Women’s conductor

« I had a dream… »
Zofia Wislocka, Orchestra Conductor (Belgium)

Having struggled for years to establish herself in her profession, the Belgian-Polish conductor Zofia Wislocka wanted to explore this problem in greater depth by meeting her colleagues.

They existed (some 500 around the world) but were little talked about.

And while there were a few women conducting chamber orchestras and choirs, it didn’t seem to be any conducting large symphony orchestras. Did they too have to fight against the same tenacious prejudices? How did they live their careers?

Why not meet up, get to know each other and try something together?

This dream came true in 2000.


Building a “Culture” that recognizes and integrates women is a major democratic challenge.

Working together to achieve equal cultural opportunities is a challenge we can rise to, thanks to a partnership between public and private players.

The “Organisation Mondiale des Femmes Maestros” wishes to engage in a constructive process with public bodies and private sponsors, in order to meet common objectives and take up the many challenges that will enable women conductors to flourish fully in an economic, social and cultural environment worthy of the 21st century.

With this in mind, the Organization wishes to establish contacts with cultural associations that pursue a similar goal of promoting women.

Promoting the association is in itself a vast administrative, artistic and communications program.


“Women belong in the kitchen, not in the orchestra”.
Herbert von Karajan, conductor (Germany)

One opinion among many. But it sums up the problems that all the participants in the two symposia said they were facing.

The maestro is a symbol of authority, a highly visible one, much more visible than in other professions.

This figure who stands before a large audience, in a large hall, mounts a pedestal and leads some 130 musicians by the baton… Doesn’t he seem like a tamer? A female figure on the podium is still astonishing.

And yet, as everyone will tell you, a true conductor draws his authority from his musical skills.

This image of domination was analyzed first and foremost by the record industry, which carefully nurtured it for purely commercial reasons.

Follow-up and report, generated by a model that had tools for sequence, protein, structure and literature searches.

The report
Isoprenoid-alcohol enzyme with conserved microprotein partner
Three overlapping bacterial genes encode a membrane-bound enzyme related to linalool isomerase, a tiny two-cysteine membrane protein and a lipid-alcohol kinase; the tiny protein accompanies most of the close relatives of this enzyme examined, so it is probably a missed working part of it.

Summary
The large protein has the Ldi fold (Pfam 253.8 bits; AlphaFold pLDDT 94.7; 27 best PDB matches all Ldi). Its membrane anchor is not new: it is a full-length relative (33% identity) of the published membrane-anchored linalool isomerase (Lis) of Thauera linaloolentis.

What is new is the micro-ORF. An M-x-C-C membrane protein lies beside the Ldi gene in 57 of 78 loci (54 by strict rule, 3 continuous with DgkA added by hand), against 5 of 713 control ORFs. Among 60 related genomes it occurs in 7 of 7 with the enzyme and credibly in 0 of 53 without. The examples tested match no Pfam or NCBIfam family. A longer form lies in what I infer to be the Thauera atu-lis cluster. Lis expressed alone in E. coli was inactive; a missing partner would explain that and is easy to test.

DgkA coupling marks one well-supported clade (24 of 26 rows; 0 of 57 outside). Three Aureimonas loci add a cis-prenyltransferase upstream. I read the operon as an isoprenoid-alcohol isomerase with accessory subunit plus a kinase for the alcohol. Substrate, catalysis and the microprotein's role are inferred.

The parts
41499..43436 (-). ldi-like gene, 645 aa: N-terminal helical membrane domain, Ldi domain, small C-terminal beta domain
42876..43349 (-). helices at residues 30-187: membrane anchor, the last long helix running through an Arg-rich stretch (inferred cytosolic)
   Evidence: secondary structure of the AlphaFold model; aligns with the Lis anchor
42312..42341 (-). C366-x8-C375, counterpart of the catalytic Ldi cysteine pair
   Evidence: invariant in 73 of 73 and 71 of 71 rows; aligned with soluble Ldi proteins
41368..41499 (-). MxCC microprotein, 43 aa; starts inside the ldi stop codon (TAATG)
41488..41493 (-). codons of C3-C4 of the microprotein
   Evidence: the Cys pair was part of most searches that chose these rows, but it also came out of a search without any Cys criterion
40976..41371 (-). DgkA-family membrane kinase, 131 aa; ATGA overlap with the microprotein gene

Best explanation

And this is the second major obstacle that female maestros have to overcome.

The profession’s image of virility conceals an economic reality: the female maestro is up against the logic of profit, the politics of cronyism, the opposition of certain circles where the last thing to be considered is talent, the closed circle of the majors and their “stables”.

In short, she sells less well than her male colleagues.


“A maestro is not necessarily a gentleman”.
Norman Lebrecht, writer and cultural commentator (Great Britain)

The members of the “Femmes Maestros” association have always insisted that their approach is in no way directed against male conductors.

And some men have understood this. Starting with Sir Simon Rattle, who was one of the first to express his sympathy for the association. And in his writings, the writer and musicologist Norman Lebrecht invites music lovers to fight against these antediluvian prejudices and demands that women conductors be given the confidence they deserve. They may be our best hope,” he concludes.

Which ties in with what we’re saying here. Attitudes are changing. Even if women are still few and far between on the podium, we are no longer surprised to see them there.

Already at the 2003 Colloquium, we saw the emergence of a young generation who are no longer discouraged and intend to take their destiny into their own hands. They are not waiting for a random commitment, but are coming together as young people to create opportunities for themselves to practice their profession. By seeking out or organizing events, by bringing together newly qualified instrumentalists in orchestras.

The association is there to help them… until such time as it is no longer needed.

Because we only wish one thing. It’s that one day this ‘Femmes Maestros’ association, which we have so ardently created and which we are keeping alive at arm’s length, will cease to exist.

Because we won’t be needed any more, because mentalities will have changed, dragging economic realities in their wake.

Because the day will finally have come when, on the podium, we will no longer see a man or a woman, a pair of trousers or a petticoat, to use Richard Strauss’s expression, but quite simply a competent musician.

In March 2000, the late Françoise Giroud wrote to us:
“I don’t know whether an Association of Women Maestros will help them to overcome some of the specific difficulties they still have to face, like all women who aim high, but I wish them all courage and success”.

Have we overcome her doubts? Did we meet her expectations? Where are we now?

While some projects have come to fruition, other achievements are less visible. But we can say that the attitude towards women maestros has changed.

In a positive way.

Back in 1999, when we were preparing our first Round Table, the very idea of a woman conducting a major symphony often provoked amused incredulity. Today, a woman stepping up to the podium is no longer a surprise… or much less so…

Last year, the Queen Elisabeth International Music Competition invited a woman to conduct the finals for the first time.

Did we contribute to this? Let’s be modest. Yes, we did, within the limits of our means…

And we would like to thank our patrons who have supported us and, we dare to hope, will continue to support us… Because however modest our action may seem, we can affirm that it has not been in vain.

We will continue our work in order to achieve, in the more or less near future, the goal we set ourselves in 2000.

Then our association will no longer need to exist, because on the podium we will no longer see a man or a woman, but quite simply a competent musician.

Pin It on Pinterest

Share This